"Here was a new generation...destined finally to go out into that dirty gray turmoil to follow love and pride; a new generation dedicated more than the last to the fear of poverty and the worship of success; grown up to find all Gods dead, all wars fought, all faiths in man shaken." - F. Scott Fitzgerald, 'This Side of Paradise'
2016. The year of the unexpected. The darkest timeline. The upside down.
Given all that's happened this year, it's easy to be pessimistic about the future. In 2016, we've lost countless legends, seen countless black men and women become victims of police brutality, and had an election season that's said more about us as a nation than we care to admit.
When Donald Glover released Because the Internet three years ago, the thing that struck me the most about the album was its pervading sense of hopelessness. Listening to Because the Internet was like reading Albert Camus' The Stranger—it was a journey down the dark side of existentialism. From the music videos to the tie-in script, Because the Internet was a bleak and brilliant experience. It signaled the arrival of an artist who wasn’t afraid to lay bare his deepest fears and darkest thoughts for all the world to see.
Donald Glover did a similar thing with Atlanta. Buried beneath the gut-busting laughs provided by Felon DeGeneres and The Invisible Car were a series of harsh truths about what it's like to be young, black and poor in America today. Whether it was Earn's first time in jail or a commercial for your new favorite cereal, Atlanta's best moments came when the series didn’t hold back in showing you life’s harsh realities.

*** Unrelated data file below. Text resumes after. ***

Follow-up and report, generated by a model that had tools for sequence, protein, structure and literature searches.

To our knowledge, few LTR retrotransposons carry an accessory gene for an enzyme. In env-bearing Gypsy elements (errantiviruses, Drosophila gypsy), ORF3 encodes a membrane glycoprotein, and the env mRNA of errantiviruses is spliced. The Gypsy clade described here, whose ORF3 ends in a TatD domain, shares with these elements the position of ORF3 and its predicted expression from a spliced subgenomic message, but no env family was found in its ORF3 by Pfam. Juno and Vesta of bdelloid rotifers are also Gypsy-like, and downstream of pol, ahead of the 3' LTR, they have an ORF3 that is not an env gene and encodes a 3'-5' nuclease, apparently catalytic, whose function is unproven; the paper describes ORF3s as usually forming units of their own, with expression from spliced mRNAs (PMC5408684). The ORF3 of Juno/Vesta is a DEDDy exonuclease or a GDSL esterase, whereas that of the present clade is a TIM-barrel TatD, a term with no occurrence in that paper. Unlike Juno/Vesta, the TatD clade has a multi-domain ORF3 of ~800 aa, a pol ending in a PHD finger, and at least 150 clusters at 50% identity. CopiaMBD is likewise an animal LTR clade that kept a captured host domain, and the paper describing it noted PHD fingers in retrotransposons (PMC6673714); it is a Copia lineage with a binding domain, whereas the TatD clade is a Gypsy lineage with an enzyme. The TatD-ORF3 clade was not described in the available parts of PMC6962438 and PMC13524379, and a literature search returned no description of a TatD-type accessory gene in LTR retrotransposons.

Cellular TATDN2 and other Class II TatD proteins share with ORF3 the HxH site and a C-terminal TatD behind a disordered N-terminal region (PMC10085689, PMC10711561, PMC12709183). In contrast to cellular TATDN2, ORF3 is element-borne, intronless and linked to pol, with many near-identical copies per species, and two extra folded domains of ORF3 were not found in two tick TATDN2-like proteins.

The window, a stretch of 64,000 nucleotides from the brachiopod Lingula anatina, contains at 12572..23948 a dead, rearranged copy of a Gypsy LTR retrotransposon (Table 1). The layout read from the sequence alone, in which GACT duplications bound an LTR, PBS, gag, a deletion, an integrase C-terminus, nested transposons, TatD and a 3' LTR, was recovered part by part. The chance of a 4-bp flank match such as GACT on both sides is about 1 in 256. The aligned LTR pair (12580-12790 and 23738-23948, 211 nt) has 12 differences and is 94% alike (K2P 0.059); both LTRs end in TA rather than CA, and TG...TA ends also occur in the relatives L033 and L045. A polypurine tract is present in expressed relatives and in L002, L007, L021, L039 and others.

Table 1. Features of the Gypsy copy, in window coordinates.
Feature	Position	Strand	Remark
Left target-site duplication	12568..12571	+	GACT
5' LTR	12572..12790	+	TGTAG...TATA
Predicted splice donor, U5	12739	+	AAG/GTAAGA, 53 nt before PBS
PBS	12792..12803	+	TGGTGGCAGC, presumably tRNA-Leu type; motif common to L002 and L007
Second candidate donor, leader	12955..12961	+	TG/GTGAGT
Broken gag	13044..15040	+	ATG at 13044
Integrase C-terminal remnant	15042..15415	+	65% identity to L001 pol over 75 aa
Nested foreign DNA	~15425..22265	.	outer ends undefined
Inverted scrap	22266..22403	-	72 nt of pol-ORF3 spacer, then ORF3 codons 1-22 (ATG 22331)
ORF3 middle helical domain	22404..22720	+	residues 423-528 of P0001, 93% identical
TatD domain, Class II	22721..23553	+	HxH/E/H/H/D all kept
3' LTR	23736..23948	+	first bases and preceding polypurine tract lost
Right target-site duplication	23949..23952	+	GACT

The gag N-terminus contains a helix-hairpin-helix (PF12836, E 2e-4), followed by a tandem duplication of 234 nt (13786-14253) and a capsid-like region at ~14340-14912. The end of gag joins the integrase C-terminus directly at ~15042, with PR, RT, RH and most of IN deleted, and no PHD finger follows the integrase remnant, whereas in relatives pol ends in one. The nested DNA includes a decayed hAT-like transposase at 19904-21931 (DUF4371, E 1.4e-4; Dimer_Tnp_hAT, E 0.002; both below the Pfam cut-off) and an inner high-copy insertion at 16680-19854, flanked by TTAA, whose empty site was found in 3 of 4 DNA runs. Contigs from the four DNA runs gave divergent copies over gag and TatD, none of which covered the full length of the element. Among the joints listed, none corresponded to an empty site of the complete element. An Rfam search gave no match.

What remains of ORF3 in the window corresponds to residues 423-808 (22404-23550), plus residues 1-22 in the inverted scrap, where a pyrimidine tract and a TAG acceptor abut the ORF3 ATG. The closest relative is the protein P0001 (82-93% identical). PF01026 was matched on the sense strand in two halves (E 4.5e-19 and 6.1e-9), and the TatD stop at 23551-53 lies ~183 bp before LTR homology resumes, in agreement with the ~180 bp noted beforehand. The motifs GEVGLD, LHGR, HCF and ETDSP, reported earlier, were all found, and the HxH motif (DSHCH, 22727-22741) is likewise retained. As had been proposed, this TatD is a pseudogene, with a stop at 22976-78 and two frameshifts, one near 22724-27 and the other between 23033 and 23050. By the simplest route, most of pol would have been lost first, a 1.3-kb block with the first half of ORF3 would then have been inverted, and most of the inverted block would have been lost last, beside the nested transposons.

Donald Glover's somewhat pessimistic worldview is one that I also share. He represents the dark side of me that I try to keep at bay. The part of me that automatically becomes anxious and paranoid whenever I see some bad news on TV. It’s a negative trait that I also see in the works of my favorite writer of all time: F. Scott Fitzgerald.
When Fitzgerald wrote The Great Gatsby, it was during a time of economic prosperity. The Wall Street Crash was four years away and World War II would start ten years after that. In what would eventually become his most celebrated novel, F. Scott Fitzgerald effectively gave a eulogy to an era that hadn’t finished yet. It’s no surprise that The Great Gatsby received such a mixed reception when it was first released.
However, if there is one thing to learn from Fitzgerald’s life, it’s to never let the darkness consume you. While despair might have inspired some beautiful writing, it brought F. Scott Fitzgerald to a state where he pretty much died drunk, penniless and alone. Fitzgerald’s inability to see past his failures and imagine a better future stopped him from maximizing his potential.
"His talent was as natural as the pattern that was made by the dust on a butterfly's wings. At one time he understood it no more than the butterfly did and he did not know when it was brushed or marred. Later he became conscious of his damaged wings and of their construction and he learned to think and could not fly any more because the love of flight was gone and he could only remember when it had been effortless." - Ernest Hemingway on F. Scott Fitzgerald, 'A Movable Feast'
It's a scary time to be an immigrant. It's a scary time to be a minority. It's a scary time to be 25 and knowing that this is the world you're going to inherit. But with fear comes hope and with darkness comes light. This is the eternal yin and yang of the universe. We just have to remain hopeful in fearful times.